21 May 2016

Dungeon Master Drumpf

I don't pay that much attention to Twitter usually, but this account, "Dungeons and Donalds," is really quite entertaining!

Some samples:

04 May 2016

The Blade Itself a decade later

Joe Abercrombie reflects on the publication of his first novel, The Blade Itself, ten years ago.

If you're a fan of fantasy fiction and are unfamiliar with Abercrombie's work, you owe it to yourself to check out the First Law trilogy as soon as possible!

17 April 2016

Big Trouble in Little China

So I watched Big Trouble in Little China for the first time in decades the other night.

Some post-viewing thoughts:

  • Why don't people make great movies like this anymore?
  • Kurt Russell plays pretty much the same character in every John Carpenter film. (Okay, MacReady ["The Thing"] and Plissken ["Escape from NY"] are both smarter than Jack Burton. But varying intelligence scores aside, they’re all pretty much the same character.)
  • The whole ‘adventure’ in the movie reminds me of the way my old group used to play Call of Cthulhu back in high-school: essentially as modern day ‘D&D’ with lots of bad decisions.
  • Kim Cattrall is pretty good in this. (Pity she hasn't appeared in anything of note in recent decades. Well, I'm pretty sure she hasn't...)

  • The film includes a D&D "beholder" (or at least a creature clearly inspired by a D&D "beholder").  That was a fun surprise.
  • I love how Jack Burton – the purported ‘hero’ of the film – has a ‘sidekick,’ Wang Chi, who is braver, more intelligent, and much better at fighting than him.  (Although Jack does manage to redeem himself somewhat by killing the Lo Pan [the BBG] at the end.)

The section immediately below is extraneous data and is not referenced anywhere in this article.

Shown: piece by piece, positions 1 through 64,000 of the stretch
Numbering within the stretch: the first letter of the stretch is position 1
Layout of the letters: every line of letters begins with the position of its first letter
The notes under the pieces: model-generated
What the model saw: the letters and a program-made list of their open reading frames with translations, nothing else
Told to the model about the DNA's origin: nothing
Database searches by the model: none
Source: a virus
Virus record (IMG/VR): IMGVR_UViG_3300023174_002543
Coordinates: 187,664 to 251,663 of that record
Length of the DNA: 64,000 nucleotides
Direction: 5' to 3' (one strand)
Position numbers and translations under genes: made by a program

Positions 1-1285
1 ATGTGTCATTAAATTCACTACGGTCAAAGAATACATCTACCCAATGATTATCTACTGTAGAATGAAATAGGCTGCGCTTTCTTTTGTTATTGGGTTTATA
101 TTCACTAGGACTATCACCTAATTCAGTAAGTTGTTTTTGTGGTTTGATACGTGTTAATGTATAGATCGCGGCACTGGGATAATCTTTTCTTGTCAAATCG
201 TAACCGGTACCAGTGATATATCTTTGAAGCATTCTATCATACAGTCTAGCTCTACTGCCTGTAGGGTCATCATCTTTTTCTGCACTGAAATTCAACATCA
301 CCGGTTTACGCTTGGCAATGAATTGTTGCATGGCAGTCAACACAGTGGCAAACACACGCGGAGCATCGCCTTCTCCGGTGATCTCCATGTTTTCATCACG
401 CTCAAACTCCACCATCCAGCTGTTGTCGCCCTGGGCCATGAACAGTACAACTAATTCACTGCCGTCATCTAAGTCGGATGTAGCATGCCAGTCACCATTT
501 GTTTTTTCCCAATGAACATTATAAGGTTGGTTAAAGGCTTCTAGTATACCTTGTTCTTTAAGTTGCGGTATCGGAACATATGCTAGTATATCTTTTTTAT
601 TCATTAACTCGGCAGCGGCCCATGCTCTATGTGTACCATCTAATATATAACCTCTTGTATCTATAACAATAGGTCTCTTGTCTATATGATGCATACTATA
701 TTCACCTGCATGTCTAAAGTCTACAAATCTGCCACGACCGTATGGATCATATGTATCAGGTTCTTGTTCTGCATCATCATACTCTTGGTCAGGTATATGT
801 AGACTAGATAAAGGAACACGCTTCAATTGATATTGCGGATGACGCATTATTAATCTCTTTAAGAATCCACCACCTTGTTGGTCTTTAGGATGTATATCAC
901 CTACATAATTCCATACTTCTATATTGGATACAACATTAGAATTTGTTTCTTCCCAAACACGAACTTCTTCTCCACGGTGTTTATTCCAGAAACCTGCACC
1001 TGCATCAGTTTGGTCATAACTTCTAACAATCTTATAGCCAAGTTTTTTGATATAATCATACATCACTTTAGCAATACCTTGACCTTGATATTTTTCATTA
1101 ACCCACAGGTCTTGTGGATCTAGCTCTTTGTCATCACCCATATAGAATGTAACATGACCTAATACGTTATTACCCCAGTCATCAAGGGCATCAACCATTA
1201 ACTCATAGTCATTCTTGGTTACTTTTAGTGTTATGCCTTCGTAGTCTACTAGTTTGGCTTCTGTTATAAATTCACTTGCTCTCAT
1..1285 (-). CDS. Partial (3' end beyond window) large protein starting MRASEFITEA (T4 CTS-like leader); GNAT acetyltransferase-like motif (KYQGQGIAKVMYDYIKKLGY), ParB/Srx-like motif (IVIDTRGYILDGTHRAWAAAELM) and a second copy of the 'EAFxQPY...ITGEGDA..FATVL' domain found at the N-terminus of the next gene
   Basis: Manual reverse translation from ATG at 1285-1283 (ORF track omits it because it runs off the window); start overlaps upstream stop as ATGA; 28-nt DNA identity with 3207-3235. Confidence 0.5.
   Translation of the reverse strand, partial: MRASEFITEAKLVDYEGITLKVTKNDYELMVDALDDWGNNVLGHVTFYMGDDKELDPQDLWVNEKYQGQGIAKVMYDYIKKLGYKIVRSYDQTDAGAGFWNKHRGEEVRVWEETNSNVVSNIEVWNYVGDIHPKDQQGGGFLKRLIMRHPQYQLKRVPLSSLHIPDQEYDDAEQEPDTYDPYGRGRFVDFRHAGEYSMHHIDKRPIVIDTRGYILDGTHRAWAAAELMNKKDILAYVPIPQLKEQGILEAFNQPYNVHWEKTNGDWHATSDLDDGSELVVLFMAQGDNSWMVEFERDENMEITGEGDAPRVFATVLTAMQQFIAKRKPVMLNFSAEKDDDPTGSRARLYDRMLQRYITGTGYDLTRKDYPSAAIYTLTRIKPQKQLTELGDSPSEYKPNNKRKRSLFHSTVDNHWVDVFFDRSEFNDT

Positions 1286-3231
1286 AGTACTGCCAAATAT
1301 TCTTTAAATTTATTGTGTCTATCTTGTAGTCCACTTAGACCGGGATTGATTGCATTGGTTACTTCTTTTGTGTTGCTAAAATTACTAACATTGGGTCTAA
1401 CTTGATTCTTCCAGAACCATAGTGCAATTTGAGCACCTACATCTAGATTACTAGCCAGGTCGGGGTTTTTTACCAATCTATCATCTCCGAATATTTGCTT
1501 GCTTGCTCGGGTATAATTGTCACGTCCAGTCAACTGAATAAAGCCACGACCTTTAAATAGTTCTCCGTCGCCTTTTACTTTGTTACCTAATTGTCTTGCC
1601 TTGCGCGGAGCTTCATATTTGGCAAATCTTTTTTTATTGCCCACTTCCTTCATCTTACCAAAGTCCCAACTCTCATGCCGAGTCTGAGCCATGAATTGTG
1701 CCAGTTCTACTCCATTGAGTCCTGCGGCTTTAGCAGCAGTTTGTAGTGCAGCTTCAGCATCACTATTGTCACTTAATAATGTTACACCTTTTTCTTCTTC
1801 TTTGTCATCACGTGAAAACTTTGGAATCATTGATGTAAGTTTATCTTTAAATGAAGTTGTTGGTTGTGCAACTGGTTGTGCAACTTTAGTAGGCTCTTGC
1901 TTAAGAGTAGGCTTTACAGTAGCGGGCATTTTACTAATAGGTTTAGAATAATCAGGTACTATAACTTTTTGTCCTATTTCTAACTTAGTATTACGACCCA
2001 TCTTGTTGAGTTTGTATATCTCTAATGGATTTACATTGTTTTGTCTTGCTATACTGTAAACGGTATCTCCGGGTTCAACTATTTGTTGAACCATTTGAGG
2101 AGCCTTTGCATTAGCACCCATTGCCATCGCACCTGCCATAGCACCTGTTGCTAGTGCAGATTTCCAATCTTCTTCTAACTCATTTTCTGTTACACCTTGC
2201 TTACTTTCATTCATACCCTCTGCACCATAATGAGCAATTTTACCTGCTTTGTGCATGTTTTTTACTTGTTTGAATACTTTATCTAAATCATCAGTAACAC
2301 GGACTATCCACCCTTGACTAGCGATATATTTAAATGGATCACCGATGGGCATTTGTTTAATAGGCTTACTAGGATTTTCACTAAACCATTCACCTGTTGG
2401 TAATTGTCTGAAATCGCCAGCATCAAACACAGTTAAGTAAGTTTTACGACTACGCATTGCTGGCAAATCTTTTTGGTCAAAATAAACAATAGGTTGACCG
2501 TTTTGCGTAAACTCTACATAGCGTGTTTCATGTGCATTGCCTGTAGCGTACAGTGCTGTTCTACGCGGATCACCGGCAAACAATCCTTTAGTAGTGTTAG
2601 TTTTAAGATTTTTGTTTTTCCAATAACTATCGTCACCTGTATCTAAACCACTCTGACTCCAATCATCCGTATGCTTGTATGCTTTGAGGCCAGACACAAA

•  Why don't people make great movies like this anymore?

Best quote (from Jack Burton): “I' m a reasonable guy. But, I've just experienced some very unreasonable things.”

10 April 2016

Classic Fantasy is here (for RQ6/Mythras)

Classic Fantasy – a supplement for RuneQuest 6 (soon-to-be Mythras) is now available for purchase from the Design Mechanism.

Here is the official announcement from the DM:
We are delighted to announce that Classic Fantasy is now available to pre-order in print, or buy for immediate download in PDF. 
Classic Fantasy brings Old School dungeon crawls to the Mythras and RuneQuest 6 rules. This 336 page book contains everything you need to emulate the fun of class and level-based adventuring, against the classic coterie of monsters, with the classic armoury of spells! If you've ever wanted to convert those old dungeon modules to a d100 system, then Classic Fantasy is for you. 
Packed with information and new rules additions, Classic Fantasy features a different approach to character creation based on classes such as the bard, cavalier, fighter, magic user, paladin and thief. Choose your race - human or demi-human - and then customize according to class, race and personal preference. If you're a magic user or cleric, the new magic rules for Arcane and Divine spells take the old staples such as Magic Missile, Charm, Fireball and more, and tailor them for the nuances of the Mythras and RQ6 systems.